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Topic: Gofriller demo: J.S.Bach - Suite 3, C major - Bourrée I & II

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  1. #1

    Gofriller demo: J.S.Bach - Suite 3, C major - Bourrée I & II

    My turn to get butchered Take your best shot

    My first attempt with the Gofriller is a cello classic:

    Bourrée I & II from Johann Sebastian Bach's Suite No. 3 in C major for unaccompanied cello.

    There are two options:

    Normal mp3 (8 MB)

    or

    mp3Pro (2 MB)

    Shoot!

  2. #2
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    Re: Gofriller demo: J.S.Bach - Suite 3, C major - Bourrée I & II

    Well, it's not too bad. The sound is probably too uniform for this Bach piece overall. It sounds like you've 'blocked' this while playing somehow. This particular style of Bach in reality, sings more and has more tonal variety. I am only interested at the moment because I'm in the middle of doing a 1 minute Bach-style string quartet I've blown up from a piano part I did a couple days ago. I know how difficult this is to get the right sound. Probably impossible with samples actually.

    Anyway, this is OK although it almost turns into a 'Bachian Sea Shanty' in places. Good try.


  3. #3

    Re: Gofriller demo: J.S.Bach - Suite 3, C major - Bourrée I & II

    Quote Originally Posted by Nickie Fønshauge
    My turn to get butchered Take your best shot
    Ok Nickie, you asked for it....................
    I quite liked it actually.

    I have heard versions of this, that are a little more dramatic. Greater flexibility in terms of tempo, greater variety of volume and of tone, more extreme shifts, huge wobbly vibrato.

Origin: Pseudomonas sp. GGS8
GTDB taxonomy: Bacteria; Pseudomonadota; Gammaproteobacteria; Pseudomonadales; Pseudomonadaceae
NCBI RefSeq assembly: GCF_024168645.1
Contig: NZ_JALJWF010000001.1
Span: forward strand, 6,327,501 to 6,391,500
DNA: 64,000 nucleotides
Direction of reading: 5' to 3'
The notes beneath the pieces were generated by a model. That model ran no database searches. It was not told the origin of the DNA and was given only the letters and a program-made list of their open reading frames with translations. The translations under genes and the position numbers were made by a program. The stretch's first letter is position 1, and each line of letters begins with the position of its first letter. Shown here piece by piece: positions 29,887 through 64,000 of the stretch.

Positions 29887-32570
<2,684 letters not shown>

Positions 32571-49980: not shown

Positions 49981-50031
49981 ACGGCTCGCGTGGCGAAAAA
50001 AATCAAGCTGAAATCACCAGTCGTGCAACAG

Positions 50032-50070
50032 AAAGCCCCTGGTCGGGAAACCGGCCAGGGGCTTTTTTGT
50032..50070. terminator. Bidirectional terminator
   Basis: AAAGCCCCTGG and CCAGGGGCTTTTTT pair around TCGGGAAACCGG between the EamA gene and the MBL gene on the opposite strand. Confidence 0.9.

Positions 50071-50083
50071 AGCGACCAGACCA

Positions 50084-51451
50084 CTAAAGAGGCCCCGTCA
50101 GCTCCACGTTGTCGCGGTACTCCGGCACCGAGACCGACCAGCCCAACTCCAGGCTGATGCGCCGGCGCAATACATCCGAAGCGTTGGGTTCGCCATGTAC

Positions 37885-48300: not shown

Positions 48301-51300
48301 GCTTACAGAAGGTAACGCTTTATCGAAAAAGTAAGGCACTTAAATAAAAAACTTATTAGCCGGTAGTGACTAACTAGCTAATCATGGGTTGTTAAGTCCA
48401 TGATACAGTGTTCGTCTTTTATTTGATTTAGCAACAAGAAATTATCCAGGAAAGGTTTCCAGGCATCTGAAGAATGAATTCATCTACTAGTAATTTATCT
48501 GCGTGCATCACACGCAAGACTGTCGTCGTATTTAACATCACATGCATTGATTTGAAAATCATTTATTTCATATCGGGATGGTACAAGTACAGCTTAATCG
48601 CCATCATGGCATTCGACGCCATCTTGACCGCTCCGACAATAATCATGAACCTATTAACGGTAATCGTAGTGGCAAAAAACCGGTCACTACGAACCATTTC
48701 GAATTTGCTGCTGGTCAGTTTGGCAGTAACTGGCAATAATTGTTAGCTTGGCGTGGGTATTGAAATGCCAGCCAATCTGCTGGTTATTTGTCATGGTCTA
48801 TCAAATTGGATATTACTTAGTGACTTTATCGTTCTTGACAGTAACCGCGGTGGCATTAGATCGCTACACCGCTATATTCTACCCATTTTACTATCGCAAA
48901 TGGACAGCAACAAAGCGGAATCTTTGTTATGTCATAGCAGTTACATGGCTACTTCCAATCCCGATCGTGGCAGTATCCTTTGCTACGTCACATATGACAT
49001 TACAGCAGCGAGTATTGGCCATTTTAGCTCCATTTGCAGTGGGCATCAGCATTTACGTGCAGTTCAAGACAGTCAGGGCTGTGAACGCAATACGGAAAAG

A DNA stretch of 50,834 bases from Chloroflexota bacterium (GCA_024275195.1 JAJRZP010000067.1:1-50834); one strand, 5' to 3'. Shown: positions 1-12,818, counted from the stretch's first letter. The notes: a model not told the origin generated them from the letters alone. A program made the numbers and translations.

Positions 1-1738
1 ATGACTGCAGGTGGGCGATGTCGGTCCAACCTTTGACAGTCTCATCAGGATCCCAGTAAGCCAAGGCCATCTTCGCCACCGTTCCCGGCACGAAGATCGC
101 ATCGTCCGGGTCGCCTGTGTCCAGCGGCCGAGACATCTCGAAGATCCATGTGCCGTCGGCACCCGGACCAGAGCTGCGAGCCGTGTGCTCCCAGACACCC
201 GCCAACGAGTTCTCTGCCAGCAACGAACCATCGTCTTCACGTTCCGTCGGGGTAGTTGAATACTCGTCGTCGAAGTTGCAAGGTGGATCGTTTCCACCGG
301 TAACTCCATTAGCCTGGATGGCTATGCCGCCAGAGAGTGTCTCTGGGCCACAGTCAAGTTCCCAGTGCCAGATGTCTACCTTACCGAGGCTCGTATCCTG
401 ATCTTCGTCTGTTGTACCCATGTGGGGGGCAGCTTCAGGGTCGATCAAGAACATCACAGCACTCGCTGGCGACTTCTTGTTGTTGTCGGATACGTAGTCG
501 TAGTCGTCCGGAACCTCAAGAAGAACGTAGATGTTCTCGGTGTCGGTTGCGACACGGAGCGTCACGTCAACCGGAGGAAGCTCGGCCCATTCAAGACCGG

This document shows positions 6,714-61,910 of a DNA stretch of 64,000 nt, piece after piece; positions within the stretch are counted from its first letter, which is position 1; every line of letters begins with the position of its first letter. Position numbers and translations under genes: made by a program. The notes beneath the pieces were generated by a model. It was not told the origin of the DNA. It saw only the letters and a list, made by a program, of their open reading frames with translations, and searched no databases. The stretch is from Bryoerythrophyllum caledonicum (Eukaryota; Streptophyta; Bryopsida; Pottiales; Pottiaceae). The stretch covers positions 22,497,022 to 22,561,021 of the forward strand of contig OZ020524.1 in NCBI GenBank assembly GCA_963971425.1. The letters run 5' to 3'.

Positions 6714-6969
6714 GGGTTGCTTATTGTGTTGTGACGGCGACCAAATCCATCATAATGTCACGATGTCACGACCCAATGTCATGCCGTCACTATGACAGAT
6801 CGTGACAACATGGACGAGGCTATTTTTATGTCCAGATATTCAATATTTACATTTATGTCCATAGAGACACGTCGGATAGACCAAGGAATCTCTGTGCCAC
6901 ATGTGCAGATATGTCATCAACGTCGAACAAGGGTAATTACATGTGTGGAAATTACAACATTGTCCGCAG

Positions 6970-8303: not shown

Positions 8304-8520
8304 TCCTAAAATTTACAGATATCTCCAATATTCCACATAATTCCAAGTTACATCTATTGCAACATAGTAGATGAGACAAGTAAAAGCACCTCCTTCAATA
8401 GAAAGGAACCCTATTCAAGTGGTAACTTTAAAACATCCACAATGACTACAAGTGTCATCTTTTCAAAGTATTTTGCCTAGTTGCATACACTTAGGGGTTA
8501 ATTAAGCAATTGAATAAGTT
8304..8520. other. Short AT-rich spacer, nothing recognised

I have also heard versions like yours, which show more restraint, and concentrate on the clarity of the lines.

    What is very interesting about the Gofriller, ( and Stradi) is how it gives you the freedom to express your vision of the piece. This is definitely Bach played by Nickie Fønshauge, and it says what you want to say with it.

    Those of you who have played the Stradi, ( and the Gofriller) may understand this point.
    I have some libraries, that have wonderful sounding raw samples. To achieve a musical performance from them, requires knitting together different articulations. This yields some satisfaction with the end result, but very little satisfaction with the process. By the time I have trawled through a zillion articulations, I have often forgotten what I meant to say.
    The instantaneous nature of the Stradi/Gofriller technology, keeps me involved every step of the way.

    This way of controlling sound feels like the future.

    The mega-bloat Library approach, will suit some, particularly those who have invested a lot of time in setting up PC farms, complicated templates, etc, etc.
    I dont see the world getting any slower in the immediate future, so instantaneous personal expression, as afforded by the Gofriller/Stradi is always going to be appealing.

    I have noted in the past that Nickie does not care for overly romantic use of Solo strings, with wide fast vibrato, and huge lunging portamenti. So it was nice to hear the Gofriller being played, with restraint, and delicacy.

    Well done. I enjoyed it.

    regards Joe

  4. #4

    Re: Gofriller demo: J.S.Bach - Suite 3, C major - Bourrée I & II

    Hi, Joe. Thank you for the kind words.

    You are right, Bach can be played a lot more romantic, but should he? Well, you got my answer That been said, I admit I do like old Pau Casals' very romantic interpretation. I just wouldn't like to play it like that myself. I guess my old cello teacher gave me some good habits - and thank you Hansi for that